Conservation charity RSPB Scotland has condemned a decision by a developer to appeal a second ruling by ministers to refuse consent for a wind farm near Inveraray.
In a statement, RSPB Scotland describes the move, by joint developers RidgeWind and Wind Prospect, as “wholly irresponsible”, and “damaging to the industry’s green credentials”.
The statement continues: “It is also a huge waste of money and a drain on precious public resources that are already under pressure.”
The proposed Stacain Wind Farm, situated on the ridge of hills between Inveraray and Dalmally, will comprise 14 turbines. These are likely to be rated at 2.3MW each, giving the whole wind farm a rated capacity of 32.2MW. Each turbine will be approximately 65 metres to the hub with 45 metre blades, resulting in a maximum tip height of 110 metres.
A planning application for the project was first submitted to Argyll and Bute Council in April 2005. The local authority approved it in December 2007 but, in the following March, the application was called in by the Scottish Government. The reason given for this was the need to consider issues raised by Scottish Natural Heritage during a public local inquiry.
The developers appealed after Scottish ministers rejected the application in October 2009, primarily because of the scheme’s possible impact on golden eagle populations.
Now, the developers are planning to appeal – for the second time – against the refusal of their application.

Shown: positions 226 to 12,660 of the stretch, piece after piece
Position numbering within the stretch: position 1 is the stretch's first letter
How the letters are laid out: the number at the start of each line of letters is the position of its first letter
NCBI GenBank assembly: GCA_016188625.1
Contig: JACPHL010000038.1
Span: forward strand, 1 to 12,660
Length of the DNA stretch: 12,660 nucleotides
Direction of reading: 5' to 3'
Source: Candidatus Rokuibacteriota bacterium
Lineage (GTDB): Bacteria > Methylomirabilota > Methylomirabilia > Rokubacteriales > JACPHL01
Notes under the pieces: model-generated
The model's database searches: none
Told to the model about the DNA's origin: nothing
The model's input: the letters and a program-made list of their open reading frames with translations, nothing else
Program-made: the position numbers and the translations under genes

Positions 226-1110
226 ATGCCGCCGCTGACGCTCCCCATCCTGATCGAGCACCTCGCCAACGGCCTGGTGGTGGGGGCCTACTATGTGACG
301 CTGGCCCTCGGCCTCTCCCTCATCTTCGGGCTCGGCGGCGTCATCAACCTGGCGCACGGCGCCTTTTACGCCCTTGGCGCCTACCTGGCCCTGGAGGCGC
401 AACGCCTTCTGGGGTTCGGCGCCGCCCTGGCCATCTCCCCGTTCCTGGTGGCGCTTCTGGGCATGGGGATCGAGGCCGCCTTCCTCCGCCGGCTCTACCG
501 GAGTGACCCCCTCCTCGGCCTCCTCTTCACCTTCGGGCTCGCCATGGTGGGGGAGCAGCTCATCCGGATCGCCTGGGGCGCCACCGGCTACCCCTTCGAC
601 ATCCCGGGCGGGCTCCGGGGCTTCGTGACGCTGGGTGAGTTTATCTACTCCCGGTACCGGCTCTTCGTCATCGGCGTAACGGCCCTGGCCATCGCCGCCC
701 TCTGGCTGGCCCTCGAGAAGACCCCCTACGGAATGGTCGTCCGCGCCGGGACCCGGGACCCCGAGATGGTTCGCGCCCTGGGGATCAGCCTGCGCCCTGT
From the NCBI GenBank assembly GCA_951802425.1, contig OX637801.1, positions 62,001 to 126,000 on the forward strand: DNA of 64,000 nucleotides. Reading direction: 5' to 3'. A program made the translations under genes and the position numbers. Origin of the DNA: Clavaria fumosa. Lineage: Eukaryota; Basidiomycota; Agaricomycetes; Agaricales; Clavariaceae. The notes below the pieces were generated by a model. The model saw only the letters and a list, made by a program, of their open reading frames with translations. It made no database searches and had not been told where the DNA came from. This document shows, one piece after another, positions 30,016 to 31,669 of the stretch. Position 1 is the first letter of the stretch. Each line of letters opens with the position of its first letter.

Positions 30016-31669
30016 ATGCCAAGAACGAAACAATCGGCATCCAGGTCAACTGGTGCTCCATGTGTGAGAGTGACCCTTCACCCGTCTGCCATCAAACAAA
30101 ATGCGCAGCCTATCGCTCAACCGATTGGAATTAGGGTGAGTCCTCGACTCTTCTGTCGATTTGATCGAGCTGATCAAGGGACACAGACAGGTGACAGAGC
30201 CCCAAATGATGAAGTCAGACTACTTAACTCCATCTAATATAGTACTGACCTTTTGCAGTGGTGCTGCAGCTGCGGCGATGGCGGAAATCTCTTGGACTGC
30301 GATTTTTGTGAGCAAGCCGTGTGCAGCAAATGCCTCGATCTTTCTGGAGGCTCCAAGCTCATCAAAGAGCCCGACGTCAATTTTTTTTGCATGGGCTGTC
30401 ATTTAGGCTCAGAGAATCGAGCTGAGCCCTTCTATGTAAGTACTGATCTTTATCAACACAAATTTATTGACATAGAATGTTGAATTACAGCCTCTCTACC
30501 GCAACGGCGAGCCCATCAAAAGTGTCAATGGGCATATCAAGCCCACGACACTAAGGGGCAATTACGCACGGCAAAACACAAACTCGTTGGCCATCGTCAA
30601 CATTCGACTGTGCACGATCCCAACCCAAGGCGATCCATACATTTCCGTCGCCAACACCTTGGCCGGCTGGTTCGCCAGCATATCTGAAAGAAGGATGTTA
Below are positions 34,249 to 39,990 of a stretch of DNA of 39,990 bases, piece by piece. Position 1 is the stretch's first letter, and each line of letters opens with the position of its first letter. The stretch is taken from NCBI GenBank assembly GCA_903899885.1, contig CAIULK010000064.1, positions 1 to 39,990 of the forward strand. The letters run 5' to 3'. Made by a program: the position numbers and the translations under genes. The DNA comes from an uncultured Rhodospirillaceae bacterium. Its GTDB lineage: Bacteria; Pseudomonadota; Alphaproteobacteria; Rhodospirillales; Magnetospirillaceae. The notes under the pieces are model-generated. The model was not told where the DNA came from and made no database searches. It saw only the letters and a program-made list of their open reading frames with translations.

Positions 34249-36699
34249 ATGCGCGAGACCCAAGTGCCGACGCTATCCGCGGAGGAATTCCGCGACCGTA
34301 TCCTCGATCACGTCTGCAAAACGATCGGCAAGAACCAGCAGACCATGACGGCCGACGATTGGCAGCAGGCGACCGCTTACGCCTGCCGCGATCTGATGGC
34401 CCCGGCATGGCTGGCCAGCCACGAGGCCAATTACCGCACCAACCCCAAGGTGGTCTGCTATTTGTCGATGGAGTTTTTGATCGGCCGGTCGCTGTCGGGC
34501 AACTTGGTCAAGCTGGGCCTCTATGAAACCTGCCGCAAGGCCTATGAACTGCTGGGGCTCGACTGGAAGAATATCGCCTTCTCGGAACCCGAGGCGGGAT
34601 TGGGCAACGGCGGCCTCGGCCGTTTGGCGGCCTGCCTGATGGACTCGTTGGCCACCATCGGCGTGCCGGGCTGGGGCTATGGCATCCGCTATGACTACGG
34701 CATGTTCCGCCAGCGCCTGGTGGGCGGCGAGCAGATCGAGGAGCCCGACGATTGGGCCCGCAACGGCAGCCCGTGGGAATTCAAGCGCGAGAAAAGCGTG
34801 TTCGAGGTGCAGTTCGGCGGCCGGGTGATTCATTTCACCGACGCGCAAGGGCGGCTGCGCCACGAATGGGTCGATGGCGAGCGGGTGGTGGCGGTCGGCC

Aedán Smith, Head of Planning and Development at RSPB Scotland, said: “The developers’ continued insistence on this wholly inappropriate wind farm is damaging the reputation of the industry.”
He added: “This latest appeal smacks of desperation and shows the developers have little regard for wildlife.
“This project has twice been refused by Scottish ministers because of its damaging impact on golden eagles, and yet the developers persist in appealing to the courts.”
RidgeWind and Wind Prospect claim a large amount of money will be fed into the local economy during the construction phase.
On the RidgeWind website the company states:
“A community trust fund will be set up which will receive a portion of the revenue generated by the wind farm. The amount offered is based on the yearly output and will continue over the 25 year life time of the project.”
A number of wind farms are already either operational or planned for the range of high hills between Loch Fyne and Loch Awe.
To the north, and just to the south east of the proposed Stacain development, lies the Clachan Flats wind farm above Cairndow, comprising nine turbines operated by Scottish Power Renewables.
To the south of Inveraray, the 23-turbine an Suidhe scheme, by RWE npower Renewables, punctures the skies from the viewpoint of east Loch Fyne.
Further south still, a proposal for a 20 turbine scheme at the back of Minard was submitted to Argyll and Bute Council last month by A’Chruach Wind Farm Ltd.
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